Payne, McCord face off for at-large Currituck commissioner
By William F. West
Thursday, October 4, 2018
CURRITUCK — Currituck has three open county commissioner seats on the November ballot, but only one of them will be contested.
The race for at-large commissioner features a Democratic first-time candidate and a former Republican commissioner who’s seeking to return to the seven-member board.
Joe Payne, a 59-year-old excavation business owner, and Kevin McCord, a 44-year-old Currituck sheriff’s patrol sergeant, will face off in the Nov. 6 general election. The winner will join Republicans Owen Etheridge and Mike Payment, who won the District 5 and District 3 seats, respectively, in the May GOP primary and are running unopposed in November.
Payne, a Democrat who describes himself as a “straight country boy with common sense,” says he’s running for commissioner because he believes he can help change the way county government operates. He claims current board members lack practical judgment and that there’s too much bureaucracy and red tape in county government.
“They're trying to run the county themselves, instead of listening to what the citizens of Currituck County want," Payne said of current commissioners. "I mean, all the common sense has gone out the door. And they forgot the word 'county' and they're trying to turn it into a city. ... Things just need to be done different up there."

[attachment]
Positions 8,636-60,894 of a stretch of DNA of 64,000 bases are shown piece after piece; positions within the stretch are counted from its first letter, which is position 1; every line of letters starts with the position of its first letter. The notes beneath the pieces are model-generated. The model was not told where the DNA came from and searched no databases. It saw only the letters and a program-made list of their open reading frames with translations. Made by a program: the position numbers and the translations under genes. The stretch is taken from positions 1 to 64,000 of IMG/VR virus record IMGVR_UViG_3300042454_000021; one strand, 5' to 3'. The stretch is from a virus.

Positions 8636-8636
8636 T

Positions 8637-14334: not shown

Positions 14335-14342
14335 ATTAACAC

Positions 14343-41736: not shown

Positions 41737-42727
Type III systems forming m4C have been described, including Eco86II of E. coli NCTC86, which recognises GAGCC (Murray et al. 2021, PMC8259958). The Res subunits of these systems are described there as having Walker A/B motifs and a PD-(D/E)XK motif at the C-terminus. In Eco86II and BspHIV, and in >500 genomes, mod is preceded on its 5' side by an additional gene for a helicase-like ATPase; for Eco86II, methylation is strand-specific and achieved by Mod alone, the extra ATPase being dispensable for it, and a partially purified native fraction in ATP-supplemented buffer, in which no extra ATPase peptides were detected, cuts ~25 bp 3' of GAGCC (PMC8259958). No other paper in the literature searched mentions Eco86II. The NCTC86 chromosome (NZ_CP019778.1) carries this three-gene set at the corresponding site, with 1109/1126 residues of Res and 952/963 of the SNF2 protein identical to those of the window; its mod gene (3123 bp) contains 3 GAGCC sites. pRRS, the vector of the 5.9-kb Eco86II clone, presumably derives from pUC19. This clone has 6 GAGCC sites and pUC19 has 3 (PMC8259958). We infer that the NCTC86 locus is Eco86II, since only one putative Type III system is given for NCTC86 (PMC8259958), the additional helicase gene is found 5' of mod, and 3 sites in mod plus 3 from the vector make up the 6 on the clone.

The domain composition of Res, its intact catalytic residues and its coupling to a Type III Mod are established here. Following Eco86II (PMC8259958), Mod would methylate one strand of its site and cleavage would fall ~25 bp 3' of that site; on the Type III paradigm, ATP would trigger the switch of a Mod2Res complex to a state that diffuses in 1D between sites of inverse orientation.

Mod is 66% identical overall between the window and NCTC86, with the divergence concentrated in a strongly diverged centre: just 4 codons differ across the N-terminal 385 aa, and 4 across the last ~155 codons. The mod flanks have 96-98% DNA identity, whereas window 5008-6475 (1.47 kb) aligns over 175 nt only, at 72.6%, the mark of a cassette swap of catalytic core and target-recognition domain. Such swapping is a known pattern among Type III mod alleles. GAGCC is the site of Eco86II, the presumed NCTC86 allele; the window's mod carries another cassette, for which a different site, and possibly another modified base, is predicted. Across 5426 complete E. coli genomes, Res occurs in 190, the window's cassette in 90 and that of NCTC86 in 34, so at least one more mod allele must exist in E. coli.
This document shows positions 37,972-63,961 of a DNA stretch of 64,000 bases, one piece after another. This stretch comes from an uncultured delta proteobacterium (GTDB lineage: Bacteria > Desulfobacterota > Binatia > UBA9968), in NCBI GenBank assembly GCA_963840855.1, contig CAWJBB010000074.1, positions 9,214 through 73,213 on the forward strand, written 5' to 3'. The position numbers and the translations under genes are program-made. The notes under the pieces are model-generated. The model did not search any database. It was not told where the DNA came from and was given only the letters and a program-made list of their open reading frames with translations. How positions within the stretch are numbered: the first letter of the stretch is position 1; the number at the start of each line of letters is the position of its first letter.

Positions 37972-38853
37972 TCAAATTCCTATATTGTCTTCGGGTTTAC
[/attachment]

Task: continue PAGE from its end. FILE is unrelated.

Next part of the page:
McCord, who served on the commission board from 2012 to 2014, is pledging to be business friendly. He said he’s running on his longtime record of community outreach and service, particularly as a recreation league coach and law enforcement officer.
"I'm your go-to guy," he said.
Payne said another reason he’s running is because he believes the county has too much power to tell people what they can do with their land. He cited as an example his desire to sell a piece of property behind his house for development of a house. He said he hoped to use the proceeds to help his daughter, who recently got married.
According to Payne, when he tried to sell the land, county officials told him he would have to create a family subdivision. He said he can develop the land, but only if he builds an expensive driveway to the lots.
He believes his treatment by the county is unfair, especially compared to the county’s treatment of large developers.
"The poor man can't put one house up," he said. "That ain't right."
Asked about challenging McCord, Payne said that while he doesn’t plan to criticize his opponent, he is concerned about McCord having resigned from the commission once before to take a job as a magistrate. He also noted that McCord then resigned from his magistrate’s job to return to his former job as a Currituck sheriff’s deputy.
"He has been up there before and quit. He also was a magistrate and quit," Payne said.
Payne believes voters should only allow McCord one shot at representing them.
"If you are on that commissioners board and you're getting a paycheck from Currituck County, you should not be allowed to do it twice,” he said. “In other words, you shouldn't be able to be on Currituck County's payroll more than one time.”